"I wanted to come to Ohio State to play for Coach Meyer and to do big things in his offense. I really believed it would get to this point, and I am just going to keep working hard to make sure I accomplish the things I came here for."
As a member of Ohio State's 2013 recruiting class that could, when all is said and done, produce anywhere from eight to 10 NFL players, Jalin Marshall and his 5-star scout.com recruiting rating showed up to Columbus with big expectations.
A high school quarterback out of Middletown, Ohio, what Marshall lacked in proven ability to be a collegiate wide receiver or running back he more than made up for in raw athletic play-making ability. Urban Meyer has stated that he "loves recruiting high school quarterbacks," because they are usually the best player on their team, and Marshall was no exception. The kid with a 6'0" 190 lb frame and 4.4 breakaway speed turned down offers to continue his career as a quarterback at schools such as Tennessee, and instead trusted Meyer to do what he does best: get his play-makers the ball in space.
"I see a person who just wants to help the team win."
Despite emerging as one of Ohio State's biggest offensive threats during the 2014-15 Buckeyes' journey to immortality, redshirt sophomore Jalin Marshall has become somewhat overshadowed this season.
Being overshadowed this season is not necessarily Marshall's fault, he currently is second on the Buckeyes in receiving and fourth in the country in total punt return yards, but more so the fault of Marshall's fellow #zone6 members. With Michael Thomas making his weekly case as one of the best wide receivers in America, along with Braxton Miller stealing Marshall's wildcat package and snaps at H-back, there are simply too many great playmakers on the Buckeyes to always guarantee Marshall his well deserved 8+ touches a game.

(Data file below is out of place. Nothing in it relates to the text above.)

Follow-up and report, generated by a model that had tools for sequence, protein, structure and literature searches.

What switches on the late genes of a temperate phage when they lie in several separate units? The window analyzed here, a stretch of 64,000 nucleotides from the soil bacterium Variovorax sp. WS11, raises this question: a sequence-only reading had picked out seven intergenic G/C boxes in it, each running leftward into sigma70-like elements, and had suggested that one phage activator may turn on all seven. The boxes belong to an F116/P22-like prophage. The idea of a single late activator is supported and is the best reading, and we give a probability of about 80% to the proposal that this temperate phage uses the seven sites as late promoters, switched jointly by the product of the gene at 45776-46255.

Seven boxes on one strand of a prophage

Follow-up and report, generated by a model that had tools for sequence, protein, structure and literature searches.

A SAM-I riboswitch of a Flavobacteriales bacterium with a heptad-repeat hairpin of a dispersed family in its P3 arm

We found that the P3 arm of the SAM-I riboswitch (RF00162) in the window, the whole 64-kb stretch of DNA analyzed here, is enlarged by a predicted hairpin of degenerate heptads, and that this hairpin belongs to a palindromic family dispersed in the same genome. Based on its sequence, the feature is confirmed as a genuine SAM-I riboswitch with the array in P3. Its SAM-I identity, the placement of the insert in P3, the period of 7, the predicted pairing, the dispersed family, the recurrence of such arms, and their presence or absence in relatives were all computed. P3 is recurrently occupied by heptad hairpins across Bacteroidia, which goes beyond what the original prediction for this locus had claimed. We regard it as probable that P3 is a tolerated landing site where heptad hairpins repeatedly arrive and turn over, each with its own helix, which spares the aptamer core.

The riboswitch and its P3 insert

Maybe this is why Marshall has become even more explosive this season. Less opportunities to touch the ball has led to Marshall making every touch count, as both Marshall's yards per catch and yards per punt return averages have increased by two yards from last season. Part of this has to do with Marshall partially taking over for Devin Smith as Ohio State's go-to deep ball threat, but Marshall also has built a reputation that sees him almost always break the first tackle upon receiving the ball. This is a trait that Urban Meyer has stressed from his playmakers since day one at Ohio State, and Marshall has epitomized it every time he gets the ball in his hands.
The fun part about watching Marshall with the ball is the multitude of ways in which he gets the ball in the first place. The creativity in getting Marshall the ball has decreased substantially this season due to Marshall's switch from full time H-back to mostly wide receiver, but when he does get the ball, look out, because his skills have not decreased by any stretch of the imagination.